So the first thing to remember is that Zen is not a theology, it is a religion — and that too with a tremendous difference. It is not a religion like Islam. There are three fundamentals in Islam: one God, one book, and one prophet. Zen has no God, no book, no prophet. The whole existence is God’s prophecy; the whole existence is his message. And remember, God is not separate from this message either. This message itself is divine. There is no messenger — all that nonsense has been completely dropped by Zen. Theology arises with one book. It needs a Bible, it needs a holy Koran. It needs a book which pretends to be holy, it needs a book which tries to say that it is special — that no other book is like this, this is a Godsend, a gospel. Zen says everything is divine so how can anything be special? All is special. Nothing is non-special so nothing can be special. Each leaf of every tree and each pebble on every shore is special, unique, holy. It is not that the Koran is holy, not that the Bible is holy. When a lover writes a letter to his beloved that letter is holy. Zen brings holiness to ordinary life.

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A great Zen Master, Bokoju, used to say, ‘How wondrous this. How mysterious. I carry fuel, I draw water.’ ‘How wondrous this. How mysterious.’ Carrying fuel, drawing water from the well and he says, ‘How mysterious.’

This is the Zen spirit. It transforms the ordinary into the extraordinary. It transforms the profane into the sacred. It drops the division between the world and the divine.

That’s why I say it is not a theology. It is pure religion. Theology contaminates religion. There is no difference between a Mohammedan and a Christian and a Hindu as far as religion is concerned but there is great difference as far as theology is concerned. They have different theologies. People have been fighting because of theology. Religion is one; theologies are many. Theology means the philosophy about God, the logic about God. It is all meaningless because there is no way to prove God — there is no way to disprove either. Argumentation is just irrelevant. Yes, one can experience but one cannot prove — and that’s what theology goes on doing…

Zen looks at humanity with undivided vision — it does not divide. It has a total look. That’s why I say that Zen is the religion of the future. Humanity is growing slowly towards that awareness where theology will be dropped and religion will be accepted purely as an experience. In Japanese they have a special word for it. They call it KONOMAMA or SONOMAMA — ‘Thisness’ of existence. This — capital ‘This’ — is it. This ‘isness’ of life is God. It is not that God is, but the very ‘isness’ is divine: the ‘isness’ of a tree, the ‘isness’ of a rock, the ‘isness’ of a man, the ‘isness’ of a woman, the ‘isness’ of a child. And that ‘isness’ is an undefined phenomenon, undefinable. You can dissolve into it, you can merge into it, you can taste it. ‘How wondrous. How mysterious.’ But you cannot define it, you cannot pinpoint it logically, you cannot formulate it into clear-cut concepts. Concepts kill it. Then it is the ‘isness’ no more. Then it is a mind-construction. The word ‘God’ is not God, the concept ‘God’ is not God. Neither is the concept ‘love’ love nor is the word ‘food’ food. Zen says a very simple thing. It says: remember that the menu is not the food. And don’t start eating the menu. That’s what people have been doing down the centuries: eating the menu…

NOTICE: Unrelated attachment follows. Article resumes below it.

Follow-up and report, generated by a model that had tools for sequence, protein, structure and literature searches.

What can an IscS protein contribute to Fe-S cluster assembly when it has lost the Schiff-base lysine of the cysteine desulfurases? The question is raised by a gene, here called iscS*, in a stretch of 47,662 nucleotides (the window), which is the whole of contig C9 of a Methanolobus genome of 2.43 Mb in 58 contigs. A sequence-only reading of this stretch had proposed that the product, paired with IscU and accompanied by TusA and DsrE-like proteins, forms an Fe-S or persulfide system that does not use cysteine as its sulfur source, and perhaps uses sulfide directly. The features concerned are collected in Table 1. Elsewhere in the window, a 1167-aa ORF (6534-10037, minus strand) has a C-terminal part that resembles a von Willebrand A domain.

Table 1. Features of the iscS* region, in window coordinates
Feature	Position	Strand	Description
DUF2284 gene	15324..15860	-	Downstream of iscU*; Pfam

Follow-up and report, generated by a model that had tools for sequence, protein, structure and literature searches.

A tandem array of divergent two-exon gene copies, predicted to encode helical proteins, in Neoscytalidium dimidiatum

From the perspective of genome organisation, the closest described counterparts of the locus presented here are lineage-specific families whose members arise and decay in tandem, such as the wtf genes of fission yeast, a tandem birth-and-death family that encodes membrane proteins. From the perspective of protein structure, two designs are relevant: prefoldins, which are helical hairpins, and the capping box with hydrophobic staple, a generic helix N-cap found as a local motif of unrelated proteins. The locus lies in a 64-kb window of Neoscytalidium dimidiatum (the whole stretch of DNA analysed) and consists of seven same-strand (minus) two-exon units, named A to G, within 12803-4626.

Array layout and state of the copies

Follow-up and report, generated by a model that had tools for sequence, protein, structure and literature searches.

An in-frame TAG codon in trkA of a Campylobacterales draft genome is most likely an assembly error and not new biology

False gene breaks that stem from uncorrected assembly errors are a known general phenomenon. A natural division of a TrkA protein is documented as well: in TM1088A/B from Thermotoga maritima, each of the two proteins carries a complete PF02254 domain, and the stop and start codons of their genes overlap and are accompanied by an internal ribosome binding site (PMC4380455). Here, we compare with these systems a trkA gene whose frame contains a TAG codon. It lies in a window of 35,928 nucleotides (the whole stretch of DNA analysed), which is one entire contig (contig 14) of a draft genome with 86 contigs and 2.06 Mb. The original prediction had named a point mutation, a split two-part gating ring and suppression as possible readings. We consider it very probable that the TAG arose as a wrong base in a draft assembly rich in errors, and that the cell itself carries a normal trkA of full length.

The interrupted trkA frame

A great Zen Master, Nanin, was cutting a tree in the forest. And a professor of a university came to see him. Naturally the professor thought that this woodcutter must know where Nanin lived in the hills, so he enquired. The woodcutter took his axe in his hand and said, ‘I had to pay very much for it.’

The professor had not enquired about his axe. He was enquiring where Nanin lived; he was enquiring if he would be in the temple if he went there. And Nanin raised the axe and said, ‘Look, I had to pay very much for it.’ The professor felt a little puzzled and before he could escape, Nanin came even closer and put his axe just on the head of the professor. The professor started trembling and Nanin said, ‘It is really sharp.’ And the professor escaped.

Later on, when he reached the temple he came to know that the woodcutter was nobody but Nanin himself. Then he enquired, ‘Is he mad?’

‘No,’ the disciple said. ‘You had asked if Nanin was in and he was saying yes. He was showing his “inness” and “isness”. That moment he was a woodcutter; that moment, axe in his hand, he was totally absorbed in the sharpness of the axe. He was that sharpness in that moment. He was saying “I am in” by being so immediate, by being so totally in the present. You missed the point. He was showing you the quality of Zen.’…

Zen is simple and yet difficult. Simple as far as Zen is concerned — it is the most simple thing, the simplest, because it is a spontaneous thing — but very difficult because of our conditioned minds, because of the insane world in which we live, by which we have been brought up, by which we have been corrupted. The second thing: Zen is not a philosophy, it is poetry. It does not propose, it simply persuades. It does not argue, it simply sings its own song. It is aesthetic to the very core, it is not ascetic. It does not believe in being arrogant, aggressive, towards reality, it believes in love. It believes that if we participate with reality, reality reveals its secrets to us. It creates a participatory consciousness. It is poetry, it is pure poetry — just as it is pure religion. Zen is very, very concerned with beauty — less concerned with truth, more concerned with beauty.